San Francisco startups are showing cracks

We haven’t done a deal in San Francisco because valuations are still absurd.  However, we frequently talk with companies in San Francisco in case we can find an attractively priced inside round, down round or perhaps lead a cap table/balance sheet restructuring.  More recently though, we have started to see SF based companies have trouble raising money that 6 months ago probably could have gotten a deal done. Below are two examples:

 

-One SF company we spoke with last week does about $208k of MRR but burns $250k of cash a month.  Year over year revenue growth is healthy at 116%, but the burn to MRR ratio of 1.2x is too high, especially given that the Company is going through $1mm of cash every 4 months.  As a result, this company has had to cut staff significantly and is attempting to do a down round.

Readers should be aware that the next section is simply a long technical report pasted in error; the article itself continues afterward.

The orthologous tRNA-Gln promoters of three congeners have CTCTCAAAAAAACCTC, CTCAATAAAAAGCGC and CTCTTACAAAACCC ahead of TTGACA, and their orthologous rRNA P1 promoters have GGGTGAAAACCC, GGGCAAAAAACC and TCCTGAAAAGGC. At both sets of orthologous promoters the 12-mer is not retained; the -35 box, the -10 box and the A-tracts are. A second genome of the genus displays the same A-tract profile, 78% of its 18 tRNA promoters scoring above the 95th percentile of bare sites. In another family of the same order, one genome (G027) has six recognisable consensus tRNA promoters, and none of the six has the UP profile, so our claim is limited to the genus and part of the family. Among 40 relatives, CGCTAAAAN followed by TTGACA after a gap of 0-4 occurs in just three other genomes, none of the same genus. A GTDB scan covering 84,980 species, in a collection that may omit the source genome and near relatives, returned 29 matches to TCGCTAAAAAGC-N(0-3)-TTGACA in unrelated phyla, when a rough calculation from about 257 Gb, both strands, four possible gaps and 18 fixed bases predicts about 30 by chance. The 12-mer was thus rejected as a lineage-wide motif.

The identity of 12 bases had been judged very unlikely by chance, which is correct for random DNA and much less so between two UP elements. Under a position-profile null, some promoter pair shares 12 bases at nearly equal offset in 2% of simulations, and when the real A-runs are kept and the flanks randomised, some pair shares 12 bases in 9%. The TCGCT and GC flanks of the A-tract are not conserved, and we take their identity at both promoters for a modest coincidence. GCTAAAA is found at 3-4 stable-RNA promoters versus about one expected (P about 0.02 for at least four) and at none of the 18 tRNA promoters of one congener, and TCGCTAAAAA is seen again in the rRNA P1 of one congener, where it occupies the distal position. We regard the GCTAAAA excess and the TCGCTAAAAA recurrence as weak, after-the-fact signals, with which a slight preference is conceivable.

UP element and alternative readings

-Another company we spoke with yesterday in the Bay is doing $60k of MRR but burning $180k of cash a month for a whopping 3:1 burn to MRR ratio.  Additionally, they’ve got $1.6mm of notes on the balance sheet that will convert at a 20% discount.  This will cause any new investor to suppress his valuation further to adjust for the immediate dilution from note conversion.  Growth is over 100% YOY but given the level of burn, ugly ratio, and the note, in all likelihood this is going to be a distressed sale, if they can find a buyer. 

 

Although these are only two examples, we are seeing similar trends across all companies we monitor:  we record the median revenue multiple startups are asking for when they raise money (requested pre-money valuation/ARR), and that multiple across the nation has come in significantly: since Q3 2015, the multiple was 12.4x, but when we look at only 2016, the multiple is 8.5x.  This data set includes 311 companies since Q3 2015 and 75 companies in 2016.

 

While the market has been showing cracks since January, San Francisco was relatively immune.  Now we’re starting to see that even companies in SF need to care about burn, their burn to MRR ratio, and the amount of convertible debt raised.

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